Straw into Gold

Looking out from the window in Andersen's childhood home in Odense, Denmark.
Looking out from the window in Andersen’s childhood home in Odense, Denmark.

Last year I wrote a post on papercutting (The World of Papercutting, Feb. 8, 2012), and in the process, came across the papercuts of Hans Christian Andersen. I learned that Andersen (1805-1875) was an amazing artist, who not only sang and wrote, but drew, made collages, and could cut intricate pictures from pieces of paper.  And, he wrote fairy tales.

He first achieved fame through writing, and his novels were considered on par with those of Charles Dickens, a contemporary. But he achieved blazing fame with his fairy tales. Andersen’s fairy tales are not like those of the Grimms Brothers, who collected folk tales. Andersen wrote his own stories, and scholars think that these stories were his way of transmuting the pain of his life–he was bedeviled with deep insecurities, sadness and depression–into his shimmering fairy tales, thus turning straw into gold.

hans4It was in the drawing rooms of his wealthy patrons that he entertained by telling stories, usually to the children, while simultaneously cutting intricate pictures from paper.  The papercuttings were carefully stored away as family mementos, and that is how many have come down to us.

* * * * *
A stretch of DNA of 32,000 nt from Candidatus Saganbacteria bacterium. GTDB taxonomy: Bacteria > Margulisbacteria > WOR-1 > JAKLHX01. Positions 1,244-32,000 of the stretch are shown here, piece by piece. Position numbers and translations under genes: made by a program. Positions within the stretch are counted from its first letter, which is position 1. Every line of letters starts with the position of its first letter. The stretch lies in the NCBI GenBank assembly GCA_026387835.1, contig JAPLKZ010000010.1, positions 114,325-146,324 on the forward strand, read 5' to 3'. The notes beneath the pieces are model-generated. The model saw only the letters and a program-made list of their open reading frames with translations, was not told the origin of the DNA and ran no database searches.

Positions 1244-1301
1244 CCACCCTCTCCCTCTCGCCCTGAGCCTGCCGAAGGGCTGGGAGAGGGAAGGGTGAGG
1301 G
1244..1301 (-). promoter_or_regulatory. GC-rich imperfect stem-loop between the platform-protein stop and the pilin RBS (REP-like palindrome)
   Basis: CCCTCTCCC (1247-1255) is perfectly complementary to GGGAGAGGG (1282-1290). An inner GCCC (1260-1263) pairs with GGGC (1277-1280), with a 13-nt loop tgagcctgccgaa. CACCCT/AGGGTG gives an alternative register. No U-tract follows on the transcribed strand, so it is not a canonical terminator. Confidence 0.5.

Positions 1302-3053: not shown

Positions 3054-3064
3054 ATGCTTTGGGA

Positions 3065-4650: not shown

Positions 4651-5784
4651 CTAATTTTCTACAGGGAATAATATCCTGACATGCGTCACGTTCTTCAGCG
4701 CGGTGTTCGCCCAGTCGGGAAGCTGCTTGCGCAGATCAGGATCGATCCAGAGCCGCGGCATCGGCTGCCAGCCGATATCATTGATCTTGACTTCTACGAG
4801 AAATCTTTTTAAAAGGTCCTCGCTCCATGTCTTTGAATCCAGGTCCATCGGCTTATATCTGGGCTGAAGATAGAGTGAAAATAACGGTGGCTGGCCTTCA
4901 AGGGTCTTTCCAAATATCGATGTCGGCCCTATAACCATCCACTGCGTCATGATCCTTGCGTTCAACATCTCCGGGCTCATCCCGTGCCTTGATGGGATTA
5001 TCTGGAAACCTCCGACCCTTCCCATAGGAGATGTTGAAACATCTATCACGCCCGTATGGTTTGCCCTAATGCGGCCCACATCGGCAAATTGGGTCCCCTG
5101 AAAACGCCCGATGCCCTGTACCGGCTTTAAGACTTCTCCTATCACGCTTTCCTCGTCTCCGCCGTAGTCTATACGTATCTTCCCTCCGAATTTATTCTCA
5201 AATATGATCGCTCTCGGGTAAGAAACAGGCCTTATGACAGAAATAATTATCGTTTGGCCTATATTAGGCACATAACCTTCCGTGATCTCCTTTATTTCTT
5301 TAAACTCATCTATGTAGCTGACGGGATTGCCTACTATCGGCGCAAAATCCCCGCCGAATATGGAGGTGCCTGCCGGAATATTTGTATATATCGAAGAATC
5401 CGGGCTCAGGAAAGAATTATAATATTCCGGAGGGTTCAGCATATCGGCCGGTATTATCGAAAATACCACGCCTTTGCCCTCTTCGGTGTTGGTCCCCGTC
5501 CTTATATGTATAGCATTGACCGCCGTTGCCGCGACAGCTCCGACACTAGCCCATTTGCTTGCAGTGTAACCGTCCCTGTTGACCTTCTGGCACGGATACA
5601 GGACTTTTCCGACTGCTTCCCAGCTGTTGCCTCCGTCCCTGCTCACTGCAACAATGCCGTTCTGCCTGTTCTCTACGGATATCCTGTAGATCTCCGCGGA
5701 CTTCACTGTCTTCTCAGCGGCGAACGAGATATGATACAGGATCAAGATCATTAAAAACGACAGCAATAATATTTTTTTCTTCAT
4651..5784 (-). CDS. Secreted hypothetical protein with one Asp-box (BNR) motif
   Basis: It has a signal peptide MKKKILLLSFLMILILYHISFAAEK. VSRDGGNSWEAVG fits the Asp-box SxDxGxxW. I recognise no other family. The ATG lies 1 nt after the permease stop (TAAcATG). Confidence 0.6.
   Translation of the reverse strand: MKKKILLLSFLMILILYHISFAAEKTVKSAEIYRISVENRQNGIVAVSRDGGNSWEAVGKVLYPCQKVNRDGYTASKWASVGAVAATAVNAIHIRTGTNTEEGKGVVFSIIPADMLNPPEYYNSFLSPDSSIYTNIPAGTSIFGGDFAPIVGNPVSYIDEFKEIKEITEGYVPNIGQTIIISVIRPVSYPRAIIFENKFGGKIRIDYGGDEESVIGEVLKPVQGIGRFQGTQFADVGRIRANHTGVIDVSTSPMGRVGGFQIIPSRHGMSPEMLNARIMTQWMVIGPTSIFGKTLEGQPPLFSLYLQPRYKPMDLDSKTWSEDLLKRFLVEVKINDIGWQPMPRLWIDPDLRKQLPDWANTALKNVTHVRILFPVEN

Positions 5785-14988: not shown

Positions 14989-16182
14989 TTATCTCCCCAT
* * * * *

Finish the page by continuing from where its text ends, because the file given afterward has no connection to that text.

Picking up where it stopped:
Scene of dancers, pierots, and sandmen. A two-fold cutting.
Scene of dancers, pierots, and sandmen. A two-fold cutting.

Here is another papercutting,

rsz_1hans7He even made paper dolls.

Andersen had beautiful, calligraphic handwriting.

He also made amazing collages, long before the time of Braque and Picasso.

hans3But for many, he will always be known for his fairy tales. I always found his stories to be frightening as a child, but now I am fascinated to read them–they carry me away.

Illustration from "The Snow Queen"
Illustration from “The Snow Queen”

The first photo in this post comes from “Homes of the Great,” by Claude Arthaud. A photo of a room where Andersen lived (from the same source) can be found in “The World of Papercutting” post. The other images come from “The Amazing Paper Cuttings of Hans Christian Andersen,” by Beth Wagner Brust, and from “Hans Christian Andersen as an Artist,” by Kjeld Heltoft. A good biography of Andersen is “Hans Christian Andersen: the Life of a Storyteller,” by Jackie Wullschlager.


IMG_2367On a totally unrelated topic, just wanted to show a box of cookies that I took to the  Church bake sale. The cookies on the right are from the “Easy Christmas Cookie” post on Dec. 17. 2011. The cookies on the left are Lithuanian Poppyseed Cookies. No recipe for these yet-need to tinker with them!

Hope the coming week isn’t too stressful! Perhaps reading a fairy tale or two could relieve holiday stress. Take care. Namaste. Fran

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